The beautiful calm evening which was forecast attracted out 14 divers and one wallflower to Porth Ysgaden. Josh and Jake were set to complete their OD training by performing the lifts with Irfon. Tom was into his second lesson with Andrew and Dewi while Steph resurfaced after a year’s sabbatical to resume the first lesson with yours truly. That left the pairings of Gwyn & Melanie and Adrian and Phil, which morphed into a threesome when both Gwyn and Adrian found that they had forgotten their wet suit boots. Gwyn managed to keep his fins in place using Irfon’s clogs but Adrian couldn’t find a way to keep his on. The numbers were made up with Brett taking Nia for a trial first outing of the season. Mike was now able to delegate the shore cover to Adrian. The bay was millpond and the viz. looked to be crystal, for the first time this season, but it was disappointingly cloudy, as has been usual this season. Josh & Jake qualified with flying colours and Tom sailed through OO2 once he remembered the art of mask clearing, while Steph overcame a leaking BCD feed to perform her exercises, even though she did try it on by performing the initial mask clearing without flooding the mask first!! She also commented that diving is much easier if you do that equalizing bit on the way down!! The threesome came in as a pair, but surprisingly it was Gwyn, not Melanie, who was missing, while Brett and Nia had a decent outing. Everyone reported seeing a variety of creatures so all seemed to have enjoyed their dive.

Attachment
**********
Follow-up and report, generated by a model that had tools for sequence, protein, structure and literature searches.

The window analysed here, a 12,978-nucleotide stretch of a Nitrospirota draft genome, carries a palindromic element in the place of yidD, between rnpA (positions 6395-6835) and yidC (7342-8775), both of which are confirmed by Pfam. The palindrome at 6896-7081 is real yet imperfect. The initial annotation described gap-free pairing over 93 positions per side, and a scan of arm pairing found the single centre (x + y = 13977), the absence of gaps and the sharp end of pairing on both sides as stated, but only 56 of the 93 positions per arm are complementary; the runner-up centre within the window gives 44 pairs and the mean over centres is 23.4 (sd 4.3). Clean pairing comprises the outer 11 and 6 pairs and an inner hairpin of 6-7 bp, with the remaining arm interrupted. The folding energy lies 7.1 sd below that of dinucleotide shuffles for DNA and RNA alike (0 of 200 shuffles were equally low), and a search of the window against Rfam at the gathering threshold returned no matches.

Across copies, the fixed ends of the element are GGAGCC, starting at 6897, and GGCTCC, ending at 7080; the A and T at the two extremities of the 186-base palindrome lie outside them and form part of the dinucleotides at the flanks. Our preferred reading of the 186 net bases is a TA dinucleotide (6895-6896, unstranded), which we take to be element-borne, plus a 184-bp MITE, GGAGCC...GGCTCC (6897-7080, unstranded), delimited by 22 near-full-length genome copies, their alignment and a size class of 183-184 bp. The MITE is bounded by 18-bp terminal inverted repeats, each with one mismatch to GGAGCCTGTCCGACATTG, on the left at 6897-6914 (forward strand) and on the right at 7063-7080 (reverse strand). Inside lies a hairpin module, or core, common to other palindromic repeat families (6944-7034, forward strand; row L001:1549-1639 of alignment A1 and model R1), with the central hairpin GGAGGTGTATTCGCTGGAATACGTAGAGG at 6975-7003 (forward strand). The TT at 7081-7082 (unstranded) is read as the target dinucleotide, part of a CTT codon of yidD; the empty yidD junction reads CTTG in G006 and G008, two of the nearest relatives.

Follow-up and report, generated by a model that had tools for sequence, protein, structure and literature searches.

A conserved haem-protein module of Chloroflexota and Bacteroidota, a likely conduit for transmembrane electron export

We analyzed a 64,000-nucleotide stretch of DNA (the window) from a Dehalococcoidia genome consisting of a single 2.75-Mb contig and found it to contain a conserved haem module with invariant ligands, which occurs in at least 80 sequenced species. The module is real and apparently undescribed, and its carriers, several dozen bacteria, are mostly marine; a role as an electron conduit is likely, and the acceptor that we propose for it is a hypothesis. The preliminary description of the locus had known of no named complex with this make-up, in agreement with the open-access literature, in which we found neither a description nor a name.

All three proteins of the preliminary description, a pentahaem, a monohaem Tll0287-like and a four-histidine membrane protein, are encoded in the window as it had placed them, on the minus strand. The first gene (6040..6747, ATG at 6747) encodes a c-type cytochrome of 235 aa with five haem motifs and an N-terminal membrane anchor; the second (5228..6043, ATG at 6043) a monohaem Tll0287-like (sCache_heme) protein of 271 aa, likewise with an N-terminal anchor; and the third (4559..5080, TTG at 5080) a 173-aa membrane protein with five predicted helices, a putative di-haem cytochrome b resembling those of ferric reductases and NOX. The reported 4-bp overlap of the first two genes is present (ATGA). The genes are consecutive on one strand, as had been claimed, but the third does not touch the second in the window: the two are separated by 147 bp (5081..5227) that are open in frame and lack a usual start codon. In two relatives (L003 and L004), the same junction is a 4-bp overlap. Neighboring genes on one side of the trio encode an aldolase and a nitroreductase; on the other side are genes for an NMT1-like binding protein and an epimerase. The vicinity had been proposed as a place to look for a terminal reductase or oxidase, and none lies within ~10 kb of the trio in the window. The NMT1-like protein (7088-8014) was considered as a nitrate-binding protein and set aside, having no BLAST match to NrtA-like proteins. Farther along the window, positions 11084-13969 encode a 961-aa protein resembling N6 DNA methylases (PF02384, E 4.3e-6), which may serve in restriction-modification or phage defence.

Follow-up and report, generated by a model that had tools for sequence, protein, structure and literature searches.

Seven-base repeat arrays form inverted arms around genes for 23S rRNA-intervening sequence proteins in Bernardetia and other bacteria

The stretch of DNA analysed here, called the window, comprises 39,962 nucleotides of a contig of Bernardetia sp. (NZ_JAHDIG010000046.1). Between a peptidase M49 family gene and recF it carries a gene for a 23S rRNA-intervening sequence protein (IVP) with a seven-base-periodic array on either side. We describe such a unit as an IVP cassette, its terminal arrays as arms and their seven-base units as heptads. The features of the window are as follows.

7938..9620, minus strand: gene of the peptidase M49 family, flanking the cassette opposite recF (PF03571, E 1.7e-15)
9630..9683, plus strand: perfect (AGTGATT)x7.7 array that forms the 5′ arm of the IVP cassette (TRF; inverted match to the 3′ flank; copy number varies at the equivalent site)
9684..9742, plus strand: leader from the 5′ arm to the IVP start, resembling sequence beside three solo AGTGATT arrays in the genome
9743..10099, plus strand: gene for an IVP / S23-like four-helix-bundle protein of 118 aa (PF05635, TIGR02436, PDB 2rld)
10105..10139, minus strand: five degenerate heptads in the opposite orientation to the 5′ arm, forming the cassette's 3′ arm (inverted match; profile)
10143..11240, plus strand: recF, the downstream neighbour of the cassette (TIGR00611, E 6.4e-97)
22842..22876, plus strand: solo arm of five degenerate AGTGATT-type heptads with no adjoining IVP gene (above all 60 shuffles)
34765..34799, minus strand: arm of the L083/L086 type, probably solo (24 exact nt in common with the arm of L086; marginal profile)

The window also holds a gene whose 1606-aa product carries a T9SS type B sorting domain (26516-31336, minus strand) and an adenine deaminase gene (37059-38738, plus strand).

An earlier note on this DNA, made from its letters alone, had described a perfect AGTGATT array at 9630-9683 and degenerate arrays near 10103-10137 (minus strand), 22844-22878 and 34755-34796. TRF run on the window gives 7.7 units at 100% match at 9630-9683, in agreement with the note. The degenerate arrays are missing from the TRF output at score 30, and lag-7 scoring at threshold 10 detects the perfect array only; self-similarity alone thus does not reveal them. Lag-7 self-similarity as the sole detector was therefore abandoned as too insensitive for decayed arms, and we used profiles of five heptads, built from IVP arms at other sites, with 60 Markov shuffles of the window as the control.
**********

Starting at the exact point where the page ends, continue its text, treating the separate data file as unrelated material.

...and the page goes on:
After an eventful start and some peace keeping work that Kofi Annan would be proud of, we eventually got to our first site for the day at the eastern side of Porth Ceiriad. As Peter is the only diver to have managed a full dive with Melanie this season, they were paired up and were first in, followed by Andrew and David. In the meantime, Mike and John joined us on Sparrowhawk after a delayed start. After the first wave surfaced, Peter took the helm of Sparrowhawk and took Mike and John on a covert mission to the western side of Porth Neigwl. Andrew took over the helm of Sea Wasp from Irfon so he could accompany Adrian on their Dive. The fish life was stunning, plenty of specimens of various species, it was especially nice to see the mature wrasses that have managed to evade us so far this season.
Lunch was an ad-hock affair, eventually taken on the eastern side of Porth Neigwl. There were a few breakers in the shallows so the wade inshore was made particularly hazardous. As a result of both rhibs being tethered together, the grab lines on both took a beating as one particularly large wave crashed over – oh well – something to keep Brett busy with anyway….
Dive two was at Trwyn Carreg y Tir on the Eastern Side of Porth Neigwl. Again all divers reported good viz, plentiful sea life and impressive underwater topography. During the first wave, the surface cover witnessed a kamikaze sheep who took a plunge off the above cliffs. Unfortunately, there was very little that could be done so it was left as an offering to the Sea Gods as they had taken as distinct disliking to Mike on this particular day.
All in all a good day, Sea Wasp’s tanks have been replenished, although she is without her ‘pony’ engine. A special thanks to the boys at Castellmarch for launching and retrieving us.